selves In foreign countries beyond the
reach of ancestral traditions and preju-
aices; out mat ir slow to move, it was
notorious that they were very staunch
Christians when onco they had made
Surely this word from China might have
been spoken directly to the people of
these Islands. The church has her mis
sion to the Chinese one" branch carried
on in these Cathedral grounds, the other
at Kohala. Both are doing steady and
good work. Are you doing anything to
help them? One act of practical aid will
be worth all the expressions of horror
and dismay which may escape your Hps
The trustees of the Queen's Hospital
vigorously combat the statement that
the Queen's Hospital Is In serious trouble
owing to the likelihood that the Govern
ment appropriation will be cut off after
the first of next year. They assert that
while the Queen's Hospital may be some
what embarrassed If tue appropriation Is
cut off there will be no Impairment of its
usefulness whatever and that funds will
be raised elsewhere to make up the defi
"There Is a possibility that the legisla
tive appropriation will be cut off after
the first of the year," said George W.
Smith yesterday, "but even so we shall
have funds enough to get along, although
the hospital will be somewhat crippled.
You see there is a provision in the United
States Constitution that public property
shall not be taken for private use, or
that the people shall not be taxed to sup
port private institutions.' The Queen's
Hospital is, from the nature of Its char
ter, a quasi-private Institution. When it
was chartered it was provided that all
Hawalians, of native birth, should be
treated free of charge. Foreigners were
to be treated by payment of fees.
"Under the Monarchy and the Republic
$10,000 was annually appropriated for its
support, but now that the Islands are a
part of the United States this sum may
be eliminated from the appropriation list.
We have already lost the $1 tax which
was exacted rrom everyone wno ianaea
on the Islands, which amounted to some
thing over $30,000 annually, and likewise
the seamen's tax, which netted us an
other $2,000 or more, so with this addition
al money lost We shall be out a consider
J BEST ROOFING IN THE WORLD,
of our revenue. We have
still a goodly revenue, however, from
lards given the hospital by the Queen
and from other donations.
"So you see there was no necessity of
saying tha the hospital was 'threatened,'
and I am sorry that any such statement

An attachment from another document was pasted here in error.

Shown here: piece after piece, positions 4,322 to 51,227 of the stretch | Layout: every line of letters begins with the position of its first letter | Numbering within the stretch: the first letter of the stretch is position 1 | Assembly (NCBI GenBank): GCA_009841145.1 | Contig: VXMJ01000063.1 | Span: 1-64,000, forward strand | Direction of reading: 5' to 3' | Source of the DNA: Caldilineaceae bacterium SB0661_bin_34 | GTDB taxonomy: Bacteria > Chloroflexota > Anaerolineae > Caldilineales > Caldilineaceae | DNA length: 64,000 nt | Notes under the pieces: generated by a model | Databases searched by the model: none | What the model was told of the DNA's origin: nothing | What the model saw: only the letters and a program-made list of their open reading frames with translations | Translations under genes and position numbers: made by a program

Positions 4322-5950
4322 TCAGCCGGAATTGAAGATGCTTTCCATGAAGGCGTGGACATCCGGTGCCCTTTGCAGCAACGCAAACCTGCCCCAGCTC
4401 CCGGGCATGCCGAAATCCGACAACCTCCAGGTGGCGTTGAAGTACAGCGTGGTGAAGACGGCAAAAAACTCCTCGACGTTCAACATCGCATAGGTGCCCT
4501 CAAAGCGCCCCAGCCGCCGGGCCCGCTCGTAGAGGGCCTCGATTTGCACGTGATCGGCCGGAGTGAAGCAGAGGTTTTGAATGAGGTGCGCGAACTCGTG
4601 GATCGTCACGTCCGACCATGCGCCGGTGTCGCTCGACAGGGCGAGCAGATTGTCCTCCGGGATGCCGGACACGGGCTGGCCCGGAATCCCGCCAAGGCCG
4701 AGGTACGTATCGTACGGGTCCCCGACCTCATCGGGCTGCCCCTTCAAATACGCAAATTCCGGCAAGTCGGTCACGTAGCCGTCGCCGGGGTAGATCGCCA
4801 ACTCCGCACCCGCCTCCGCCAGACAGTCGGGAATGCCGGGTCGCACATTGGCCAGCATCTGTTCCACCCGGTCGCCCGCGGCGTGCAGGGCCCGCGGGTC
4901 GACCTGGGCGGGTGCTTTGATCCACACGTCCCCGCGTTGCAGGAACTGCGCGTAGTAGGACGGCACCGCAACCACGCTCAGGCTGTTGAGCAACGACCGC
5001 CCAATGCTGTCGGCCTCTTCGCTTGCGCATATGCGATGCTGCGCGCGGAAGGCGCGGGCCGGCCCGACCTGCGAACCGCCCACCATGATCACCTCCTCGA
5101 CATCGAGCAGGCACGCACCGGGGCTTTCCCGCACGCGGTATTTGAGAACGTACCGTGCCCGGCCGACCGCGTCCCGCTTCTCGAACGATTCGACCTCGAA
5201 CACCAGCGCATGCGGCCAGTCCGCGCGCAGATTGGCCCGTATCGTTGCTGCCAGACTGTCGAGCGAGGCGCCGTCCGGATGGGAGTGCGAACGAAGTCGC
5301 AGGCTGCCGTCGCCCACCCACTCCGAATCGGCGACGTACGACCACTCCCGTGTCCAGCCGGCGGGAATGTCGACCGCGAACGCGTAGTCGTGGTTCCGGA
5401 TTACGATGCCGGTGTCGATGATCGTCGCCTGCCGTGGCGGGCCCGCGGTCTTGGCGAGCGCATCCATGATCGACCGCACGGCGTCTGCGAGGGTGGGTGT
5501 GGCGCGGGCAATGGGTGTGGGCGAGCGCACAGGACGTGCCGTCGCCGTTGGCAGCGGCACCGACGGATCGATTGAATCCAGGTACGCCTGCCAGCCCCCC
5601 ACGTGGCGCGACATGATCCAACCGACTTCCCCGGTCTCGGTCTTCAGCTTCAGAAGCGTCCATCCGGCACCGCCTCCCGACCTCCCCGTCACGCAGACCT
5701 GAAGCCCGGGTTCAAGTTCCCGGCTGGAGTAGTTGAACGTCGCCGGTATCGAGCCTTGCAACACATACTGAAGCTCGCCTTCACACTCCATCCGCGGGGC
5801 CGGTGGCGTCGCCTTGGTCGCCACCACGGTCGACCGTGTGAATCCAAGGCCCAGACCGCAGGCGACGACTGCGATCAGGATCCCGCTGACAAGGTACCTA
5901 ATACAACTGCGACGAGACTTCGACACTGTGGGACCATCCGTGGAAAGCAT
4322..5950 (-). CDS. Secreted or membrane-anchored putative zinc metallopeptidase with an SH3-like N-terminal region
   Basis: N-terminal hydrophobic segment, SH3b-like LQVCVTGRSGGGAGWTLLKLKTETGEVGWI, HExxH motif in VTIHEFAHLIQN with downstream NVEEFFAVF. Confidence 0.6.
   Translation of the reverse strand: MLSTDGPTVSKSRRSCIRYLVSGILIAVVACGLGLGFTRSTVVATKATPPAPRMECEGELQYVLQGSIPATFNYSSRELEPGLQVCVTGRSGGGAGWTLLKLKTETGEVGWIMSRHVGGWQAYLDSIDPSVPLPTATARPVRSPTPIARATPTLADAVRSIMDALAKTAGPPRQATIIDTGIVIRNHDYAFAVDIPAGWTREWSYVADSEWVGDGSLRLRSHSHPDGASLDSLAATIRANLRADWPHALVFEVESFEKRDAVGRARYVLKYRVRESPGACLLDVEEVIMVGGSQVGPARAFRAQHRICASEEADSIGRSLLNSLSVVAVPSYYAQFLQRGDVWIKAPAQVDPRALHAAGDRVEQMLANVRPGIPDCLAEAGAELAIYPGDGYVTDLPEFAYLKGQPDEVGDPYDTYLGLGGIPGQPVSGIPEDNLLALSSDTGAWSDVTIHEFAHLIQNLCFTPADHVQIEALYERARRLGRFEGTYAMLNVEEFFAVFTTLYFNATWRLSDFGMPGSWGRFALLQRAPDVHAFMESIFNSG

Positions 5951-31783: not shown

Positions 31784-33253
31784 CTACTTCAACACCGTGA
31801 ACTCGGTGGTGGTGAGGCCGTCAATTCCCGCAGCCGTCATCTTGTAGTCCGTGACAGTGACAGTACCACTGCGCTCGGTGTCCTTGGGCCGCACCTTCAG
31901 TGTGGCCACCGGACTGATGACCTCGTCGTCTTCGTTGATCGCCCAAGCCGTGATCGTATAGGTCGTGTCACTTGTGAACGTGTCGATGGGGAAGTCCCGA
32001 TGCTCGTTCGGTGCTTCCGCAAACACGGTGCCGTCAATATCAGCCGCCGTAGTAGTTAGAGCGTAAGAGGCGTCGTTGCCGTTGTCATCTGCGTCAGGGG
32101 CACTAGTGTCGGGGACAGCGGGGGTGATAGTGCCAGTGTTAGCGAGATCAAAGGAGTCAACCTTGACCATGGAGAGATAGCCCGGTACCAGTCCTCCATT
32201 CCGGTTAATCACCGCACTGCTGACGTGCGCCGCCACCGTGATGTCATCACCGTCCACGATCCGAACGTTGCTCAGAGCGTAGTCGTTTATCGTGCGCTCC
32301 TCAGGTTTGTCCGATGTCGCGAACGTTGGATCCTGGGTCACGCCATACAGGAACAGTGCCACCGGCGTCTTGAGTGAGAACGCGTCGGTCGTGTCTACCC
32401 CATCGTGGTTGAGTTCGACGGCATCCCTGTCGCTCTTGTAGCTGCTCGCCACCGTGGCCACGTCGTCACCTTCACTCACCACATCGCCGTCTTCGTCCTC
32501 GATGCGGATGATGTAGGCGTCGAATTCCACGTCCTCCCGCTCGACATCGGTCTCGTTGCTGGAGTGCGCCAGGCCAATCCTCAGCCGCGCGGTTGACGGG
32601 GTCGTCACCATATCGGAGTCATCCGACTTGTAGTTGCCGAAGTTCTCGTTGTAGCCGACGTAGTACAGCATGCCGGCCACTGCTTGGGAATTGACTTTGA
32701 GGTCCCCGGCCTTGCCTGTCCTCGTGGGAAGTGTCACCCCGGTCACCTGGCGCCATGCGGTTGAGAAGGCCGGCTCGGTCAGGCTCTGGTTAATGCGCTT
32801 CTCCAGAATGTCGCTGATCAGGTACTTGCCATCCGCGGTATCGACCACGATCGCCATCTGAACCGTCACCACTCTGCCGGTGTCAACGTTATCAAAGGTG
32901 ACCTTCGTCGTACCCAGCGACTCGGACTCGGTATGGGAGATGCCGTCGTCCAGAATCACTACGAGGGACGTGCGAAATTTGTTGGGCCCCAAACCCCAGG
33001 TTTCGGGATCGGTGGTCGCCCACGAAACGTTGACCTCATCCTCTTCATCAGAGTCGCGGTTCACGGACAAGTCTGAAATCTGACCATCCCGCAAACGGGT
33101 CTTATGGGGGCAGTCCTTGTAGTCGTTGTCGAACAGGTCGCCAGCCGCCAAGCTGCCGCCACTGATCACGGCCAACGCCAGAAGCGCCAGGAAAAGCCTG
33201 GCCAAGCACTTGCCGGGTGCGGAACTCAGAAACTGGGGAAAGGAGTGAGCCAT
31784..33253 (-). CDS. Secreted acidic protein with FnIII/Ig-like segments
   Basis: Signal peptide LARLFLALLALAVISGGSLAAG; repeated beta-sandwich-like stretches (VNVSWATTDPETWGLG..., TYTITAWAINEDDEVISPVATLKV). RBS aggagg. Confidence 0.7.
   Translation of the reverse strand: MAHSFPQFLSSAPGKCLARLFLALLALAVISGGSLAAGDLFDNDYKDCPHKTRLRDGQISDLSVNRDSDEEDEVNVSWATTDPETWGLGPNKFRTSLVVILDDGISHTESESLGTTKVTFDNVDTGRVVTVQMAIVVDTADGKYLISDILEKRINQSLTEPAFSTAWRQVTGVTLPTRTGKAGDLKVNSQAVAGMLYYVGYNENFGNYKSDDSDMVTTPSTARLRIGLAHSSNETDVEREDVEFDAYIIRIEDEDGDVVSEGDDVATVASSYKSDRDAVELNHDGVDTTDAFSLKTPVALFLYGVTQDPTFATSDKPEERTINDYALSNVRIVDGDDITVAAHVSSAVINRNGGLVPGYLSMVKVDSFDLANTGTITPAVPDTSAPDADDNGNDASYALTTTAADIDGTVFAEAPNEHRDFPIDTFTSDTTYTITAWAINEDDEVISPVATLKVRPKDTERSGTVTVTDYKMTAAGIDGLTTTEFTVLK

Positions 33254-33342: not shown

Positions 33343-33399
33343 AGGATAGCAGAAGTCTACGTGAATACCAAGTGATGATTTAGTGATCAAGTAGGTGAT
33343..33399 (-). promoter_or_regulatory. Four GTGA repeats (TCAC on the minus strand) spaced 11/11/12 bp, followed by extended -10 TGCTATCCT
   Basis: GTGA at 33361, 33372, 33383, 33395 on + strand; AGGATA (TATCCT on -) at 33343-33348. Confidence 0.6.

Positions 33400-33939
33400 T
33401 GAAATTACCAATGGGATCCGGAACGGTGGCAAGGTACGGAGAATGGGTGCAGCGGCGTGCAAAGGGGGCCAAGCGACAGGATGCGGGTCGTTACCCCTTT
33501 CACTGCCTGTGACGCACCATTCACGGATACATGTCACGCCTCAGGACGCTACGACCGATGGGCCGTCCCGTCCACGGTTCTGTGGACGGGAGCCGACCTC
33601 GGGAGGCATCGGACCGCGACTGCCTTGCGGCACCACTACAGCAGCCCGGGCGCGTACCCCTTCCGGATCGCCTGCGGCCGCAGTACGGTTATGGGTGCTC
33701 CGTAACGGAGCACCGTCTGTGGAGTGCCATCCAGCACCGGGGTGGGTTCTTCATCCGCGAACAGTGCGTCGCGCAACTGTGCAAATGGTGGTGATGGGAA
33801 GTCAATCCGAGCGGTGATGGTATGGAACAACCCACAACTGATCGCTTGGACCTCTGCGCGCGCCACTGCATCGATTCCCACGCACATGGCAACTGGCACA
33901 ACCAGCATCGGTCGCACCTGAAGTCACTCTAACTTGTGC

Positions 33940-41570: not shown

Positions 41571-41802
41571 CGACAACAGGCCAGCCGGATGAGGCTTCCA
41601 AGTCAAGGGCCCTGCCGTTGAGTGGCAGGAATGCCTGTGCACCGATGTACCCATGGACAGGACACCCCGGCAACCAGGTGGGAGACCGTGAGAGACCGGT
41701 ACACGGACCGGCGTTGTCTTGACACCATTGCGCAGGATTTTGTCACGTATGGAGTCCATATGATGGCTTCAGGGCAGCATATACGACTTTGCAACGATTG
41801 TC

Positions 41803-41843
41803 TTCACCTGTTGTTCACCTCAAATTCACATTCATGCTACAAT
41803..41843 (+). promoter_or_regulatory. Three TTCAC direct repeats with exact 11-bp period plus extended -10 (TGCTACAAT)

was made. The hospital Is in no danger,
and it Is wrong to lead people to believe
that such is the case. Our income will
not be what It has been In the past, but
as the years go we shall have undoubted
ly public hospitals, a city or county hos
pital, that will take part of the work
from the present one, so that our funds
and income will carry the work of the in
stitution on all right." ,
There was to have been a meeting of
the Board of Trustees of the hospital Sat
urday morning, but owing to the Impos
sibility of securing a quorum of the trus
tees, it was postponed until a later date.
D. Dle buys Sixty-One
Acres for i lie Sum of
Sixty-one acres of land In the tract
occupied by the California colony at
Wahiawa was sold ajt public auction to
J. D. Dole, nephew of Governor Dole,
for the round sum of $1000. The figur
at which the land sold Is somewhat
surprising as the upset price was only
$300 and it was thought that the land
would tetch but little over that sum.
Land Commissioner J. F. Brown con
ducted the sale at the Judiciary build
ing at noon and there were a number
of bidders who made the sale a lively
one. The bidding began with an offer
of $305 and the figure advanced grad
. . ... 1 1 . . T S
uauy Dy smaii mas uniii n reatiieu
$400. Then the bidders began to see
that there was to be a fight for the
land and bids began to grow larger.
After a battle of some length the land
was knocked down to Mr. Dole at $4000.
The tract consists of untilled land
and is the last piece of property In the
tract occupied by the California col
onists which remains untaken. By the
terms of the contract with- the Govern
ment the purchaser Is required to live
on the land for at least three years.
When the California colonists first
settled on the land at Wahiawa it was
not supposed to be very valuable and
they purchased it at low rates. The
surprising high price which It brought
was the cause of much elation among
At a recent conference in regard to
the coal crisis Professor D. Mendelieff
the mines of EskibutskI, Russia, con
tain nearly a billion and a half tons of
coal. But the mines are not worked up
to their full capacity, owing to defec
tive communication and poor .machin
ery. In his opinion these mines have a
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Standard Biscuits, Highland audPet Creams.
Porcelite, Enamel, Paints, Oils, Metals, Etc , Ftc
' so; -